Ogun State is doing so much in that area in reaching out through many of the medical outreaches. The State is at the forefront of taking this challenge initiative and integrate and make things more effective in the machinery that has already been set up. The journey actually started last year when this idea came on board and different states were showing interest. But then taking the whole hog need the buy-in of everyone led by the Chief Executive of the State and the Commissioners and those who make things work for the policy to be on board...

Read more from Dr Mojisola Odeku  here

Thursday, 25 January 2018

$20m safe birth initiative for Nigeria and Ivory Coast

Coca-Cola Company is set to launch a new programme tagged: “The Safe Birth Initiative” to support the Ministries of Health in Nigeria and Ivory Coast to tackle the high incidence of maternal and newborn mortalities.

Disclosing this during a courtesy visit to the President of the Republic of Ivory Coast, Alassane Ouattara, the Coca-Cola Europe, Middle East & Africa (EMEA) Group President, Brian Smith, said the programme will focus on strengthening the capacity of maternity and neonatal units in selected public hospitals in the two countries.

“With US$20 million grant from Coca-Cola to Medshare International Inc., the US-based not-for-profit NGO will source essential equipment, kits and supplies worth about US$20 million to enable safe deliveries and post-delivery emergency care for both mothers and their newborns,” Smith said. “The program will also include the training of biomedical technicians and other appropriate hospital personnel by Medshare International on the operation, repair and maintenance of the donated equipment as well as the reactivation of a huge stock of faulty or abandoned equipment in public hospitals which is a major challenge for the country’s healthcare delivery system.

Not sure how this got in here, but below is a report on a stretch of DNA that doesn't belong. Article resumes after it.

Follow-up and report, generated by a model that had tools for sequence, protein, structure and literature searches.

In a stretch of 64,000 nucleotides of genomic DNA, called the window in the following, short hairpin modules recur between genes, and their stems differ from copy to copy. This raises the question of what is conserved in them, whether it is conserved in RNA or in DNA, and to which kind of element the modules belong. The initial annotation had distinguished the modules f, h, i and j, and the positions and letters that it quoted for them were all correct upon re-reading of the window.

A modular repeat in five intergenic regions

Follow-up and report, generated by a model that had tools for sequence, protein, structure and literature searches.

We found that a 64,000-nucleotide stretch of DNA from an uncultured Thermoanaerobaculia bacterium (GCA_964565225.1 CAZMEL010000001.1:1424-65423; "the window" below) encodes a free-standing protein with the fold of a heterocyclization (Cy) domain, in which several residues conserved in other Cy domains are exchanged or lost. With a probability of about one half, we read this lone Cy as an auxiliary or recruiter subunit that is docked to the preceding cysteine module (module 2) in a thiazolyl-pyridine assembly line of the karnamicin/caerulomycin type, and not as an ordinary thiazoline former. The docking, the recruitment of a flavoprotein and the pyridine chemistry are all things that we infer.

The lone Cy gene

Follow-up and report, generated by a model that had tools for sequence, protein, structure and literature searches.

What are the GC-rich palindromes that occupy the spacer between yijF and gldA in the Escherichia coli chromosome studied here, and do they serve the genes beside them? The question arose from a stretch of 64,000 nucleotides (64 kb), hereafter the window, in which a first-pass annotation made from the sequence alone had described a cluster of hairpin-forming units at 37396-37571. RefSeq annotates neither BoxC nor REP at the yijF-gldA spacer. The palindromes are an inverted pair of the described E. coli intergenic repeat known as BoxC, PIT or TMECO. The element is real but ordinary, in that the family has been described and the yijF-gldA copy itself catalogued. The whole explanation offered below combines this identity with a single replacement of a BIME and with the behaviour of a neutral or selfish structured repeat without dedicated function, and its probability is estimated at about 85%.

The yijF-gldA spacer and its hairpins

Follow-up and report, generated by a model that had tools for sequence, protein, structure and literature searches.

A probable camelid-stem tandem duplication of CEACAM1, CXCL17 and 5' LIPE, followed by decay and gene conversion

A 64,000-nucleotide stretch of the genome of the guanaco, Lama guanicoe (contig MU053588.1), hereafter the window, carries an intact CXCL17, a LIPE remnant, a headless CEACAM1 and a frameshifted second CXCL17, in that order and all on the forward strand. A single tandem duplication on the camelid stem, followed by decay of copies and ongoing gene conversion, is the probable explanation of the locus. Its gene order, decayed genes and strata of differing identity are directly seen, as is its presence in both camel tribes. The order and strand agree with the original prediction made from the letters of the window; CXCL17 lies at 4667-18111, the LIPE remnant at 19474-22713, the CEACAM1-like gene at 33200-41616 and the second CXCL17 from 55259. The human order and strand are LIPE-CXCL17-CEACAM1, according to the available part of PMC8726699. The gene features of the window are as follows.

According to UNICEF’s 2016 State of the World’s Children report, 38 out of every 1,000 babies die within the first 28 days of birth while 645 out of 100,000 women die during or shortly after child birth due to avoidable conditions. In Nigeria on the other hand, about 40,000 women and 260,000 newborns (excluding 300,000 stillborn) die during or shortly after childbirth annually. For this reason, neonatal mortality is considered as one of the worst public health crises in Nigeria and a major priority for the Government in its resolve to meet the Sustainable Development Goals, SDGs. Read more here

Wednesday, 24 January 2018

Online Newspaper 'FreshNEWS' launches initiative to promote maternal health

“Our efforts will therefore attempt to increase advocacy and drive action from government and private organisations with the aim of raising the proportion of births attended by skilled health personnel, while under-five and neonatal mortality rates are also cut down.”

An online media group, FreshNEWS has kicked-off an initiative to raise awareness for the reduction of maternal and neonatal deaths and promote access to proper medical care for pregnant women and children in Nigeria.
Speaking at the launch of the initiative tagged: No Woman Should Die Giving Birth in Abuja at the weekend, the Managing Director of FreshNEWS, Desmond Utomwen said: “The initiative will be directed at promoting well-being for all and at all ages with the aim of improving reproductive, maternal and child health among others; and ensuring access to safe, affordable and effective medicines and vaccines for all. The target is to improve reproductive, maternal and child health.

“Today, we commit to take up campaigns that will attempt to foster awareness on issues that limit the poor and vulnerable in our midst. These range from Social, Economic and Environmental factors, which constitute the three dimensions of development.

Read more here ...